As the countdown to official spring continues, we thought we'd continue inviting color into our home. . .
. . . with a sweet little. . .
. . . botany activity that's. . .
. . . bright, colorful and so very tasty. . .
. . . not to mention, a whole lot of fun!
- 1 cup softened unsalted butter
- 3/4 cup sugar
- 1 egg
- 3 cups all purpose flour
- 1 teaspoon salt
- 1 teaspoon vanilla
- 1 cup powdered sugar
- 2 teaspoons water
- 2 teaspoons honey (or clear corn syrup if you need completely white frosting)
- 1/4 teaspoon almond extract
- natural food dyes
Cheater Fondant (you can also use store bought fondant)
- 1 1/2 cups powdered sugar
- 1 tablespoon milk
- 1 tablespoon butter
- 1/4 teaspoon almond extract
- natural food dye
Pre-heat the oven to 375.
To make the cookies, cream the butter and sugar together until they are light and fluffy. Add the vanilla and the egg and mix until well incorporated. Slowly add the flour, making sure not to over mix.
The dough will be a bit crumbly but will roll out nicely. Divide it into two halves. Roll the first one out and cut out your cookie shapes. I chose to use my linzer cutter without the insert because I like the little scalloped squares.
Using a dough knife (or a regular knife) to assist you, carefully transfer the cookies to a parchment lined cookie sheet. Chill in the freezer for 5 minutes and then bake for 9-12 minutes or until the cookies are just golden around the edges.
Transfer the cookies to a wire rack to cool.
While the cookies are baking make your icing by whisking the ingredients together. Separate it out into small bowls for each color you'd like. Mix up the colors, and using a popsicle stick ice each cookie and allow to set.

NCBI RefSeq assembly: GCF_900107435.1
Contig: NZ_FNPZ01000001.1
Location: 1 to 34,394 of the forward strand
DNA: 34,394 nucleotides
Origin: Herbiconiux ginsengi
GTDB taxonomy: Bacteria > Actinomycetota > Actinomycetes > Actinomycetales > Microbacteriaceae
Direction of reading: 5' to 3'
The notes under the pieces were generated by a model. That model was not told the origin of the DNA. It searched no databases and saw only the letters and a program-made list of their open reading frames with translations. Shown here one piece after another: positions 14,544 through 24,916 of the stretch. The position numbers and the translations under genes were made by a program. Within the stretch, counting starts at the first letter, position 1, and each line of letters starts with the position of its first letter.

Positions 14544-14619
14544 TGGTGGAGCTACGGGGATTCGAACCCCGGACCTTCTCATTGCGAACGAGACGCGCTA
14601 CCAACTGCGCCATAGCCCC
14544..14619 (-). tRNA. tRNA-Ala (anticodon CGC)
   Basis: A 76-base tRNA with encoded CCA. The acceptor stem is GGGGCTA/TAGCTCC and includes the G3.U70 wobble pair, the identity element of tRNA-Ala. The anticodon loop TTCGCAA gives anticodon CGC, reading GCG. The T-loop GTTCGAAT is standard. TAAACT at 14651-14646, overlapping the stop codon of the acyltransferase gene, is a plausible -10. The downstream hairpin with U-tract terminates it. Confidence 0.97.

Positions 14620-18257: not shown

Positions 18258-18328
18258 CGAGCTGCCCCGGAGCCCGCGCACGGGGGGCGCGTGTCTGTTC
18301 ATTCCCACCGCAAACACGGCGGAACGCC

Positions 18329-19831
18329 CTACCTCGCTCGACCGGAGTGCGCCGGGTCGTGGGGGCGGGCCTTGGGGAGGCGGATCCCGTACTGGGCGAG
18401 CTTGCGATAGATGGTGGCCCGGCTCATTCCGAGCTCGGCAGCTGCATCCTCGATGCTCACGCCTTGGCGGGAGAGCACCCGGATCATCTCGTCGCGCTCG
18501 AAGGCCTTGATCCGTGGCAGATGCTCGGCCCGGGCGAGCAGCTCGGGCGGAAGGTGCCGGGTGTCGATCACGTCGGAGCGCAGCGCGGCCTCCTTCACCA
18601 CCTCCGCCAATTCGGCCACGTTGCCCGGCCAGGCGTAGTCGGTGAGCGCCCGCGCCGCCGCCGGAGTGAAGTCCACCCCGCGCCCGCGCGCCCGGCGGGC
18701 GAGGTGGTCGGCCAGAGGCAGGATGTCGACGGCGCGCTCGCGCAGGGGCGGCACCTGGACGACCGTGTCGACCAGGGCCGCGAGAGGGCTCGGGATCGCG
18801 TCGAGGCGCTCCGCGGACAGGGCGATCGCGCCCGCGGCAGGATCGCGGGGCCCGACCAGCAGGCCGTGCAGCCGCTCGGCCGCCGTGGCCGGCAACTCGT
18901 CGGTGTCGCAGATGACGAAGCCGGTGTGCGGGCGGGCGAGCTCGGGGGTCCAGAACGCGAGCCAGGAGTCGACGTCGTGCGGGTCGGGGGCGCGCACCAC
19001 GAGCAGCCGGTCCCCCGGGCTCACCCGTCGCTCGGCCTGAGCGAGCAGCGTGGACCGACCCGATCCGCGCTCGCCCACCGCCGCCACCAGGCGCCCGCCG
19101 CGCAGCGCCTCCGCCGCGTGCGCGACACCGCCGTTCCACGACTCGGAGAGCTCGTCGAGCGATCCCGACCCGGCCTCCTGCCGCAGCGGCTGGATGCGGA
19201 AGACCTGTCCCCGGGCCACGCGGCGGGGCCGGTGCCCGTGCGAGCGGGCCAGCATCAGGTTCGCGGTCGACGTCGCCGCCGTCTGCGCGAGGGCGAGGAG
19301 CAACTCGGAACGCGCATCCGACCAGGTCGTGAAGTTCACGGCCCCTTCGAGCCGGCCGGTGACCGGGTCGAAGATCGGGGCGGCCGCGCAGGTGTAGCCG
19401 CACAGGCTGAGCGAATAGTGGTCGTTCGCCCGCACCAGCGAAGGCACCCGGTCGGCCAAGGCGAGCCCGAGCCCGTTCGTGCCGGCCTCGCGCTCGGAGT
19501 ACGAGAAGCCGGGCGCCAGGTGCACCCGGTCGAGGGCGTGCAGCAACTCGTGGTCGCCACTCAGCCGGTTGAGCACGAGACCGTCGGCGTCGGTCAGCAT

In order to get a nice clean edge, use the popsicle stick to create the outside edges before filling in the center.
If you are making your own fondant, mix up the ingredients and kneed the sugar dough until it becomes smooth and easy to work with. If it is too sticky add a bit more sugar. Separate the dough and kneed in a drop or two of color to each section to create your colors. I kept it simple and made just three, but you could make lots of different colors for the petals if you'd like.
*Note that the cheater fondant dries out a bit quicker than the real deal so you may need to add a drop of water to the dough and kneed it for a bit if it becomes crumbly. Also make sure to keep the pieces you aren't working with in a sealed plastic bag.
When it comes time to make the flowers, it's best to make the flower parts as needed if you are using the cheater fondant so they don't dry out too much. You need them to be pliable so they bond to the cookie.
Since the focus is on learning the basic anatomy of a flower, exact shape isn't too important. Simple generic "petals" and "leaves" can be made easily by pinching off a tiny bit of fondant and molding it into the shapes seen above. To make the stems and stamen a little roll is all you need.
If you are working with younger kids, consider making a cake like this one instead of cookies so you can make larger flower pieces.
Assemble the flower in the order displayed by the animated GIF above making sure to push the fondant onto the frosting a bit so it sticks. You can also use a small dab of water with a paintbrush if you are having trouble getting the pieces to stick.
With the Kids: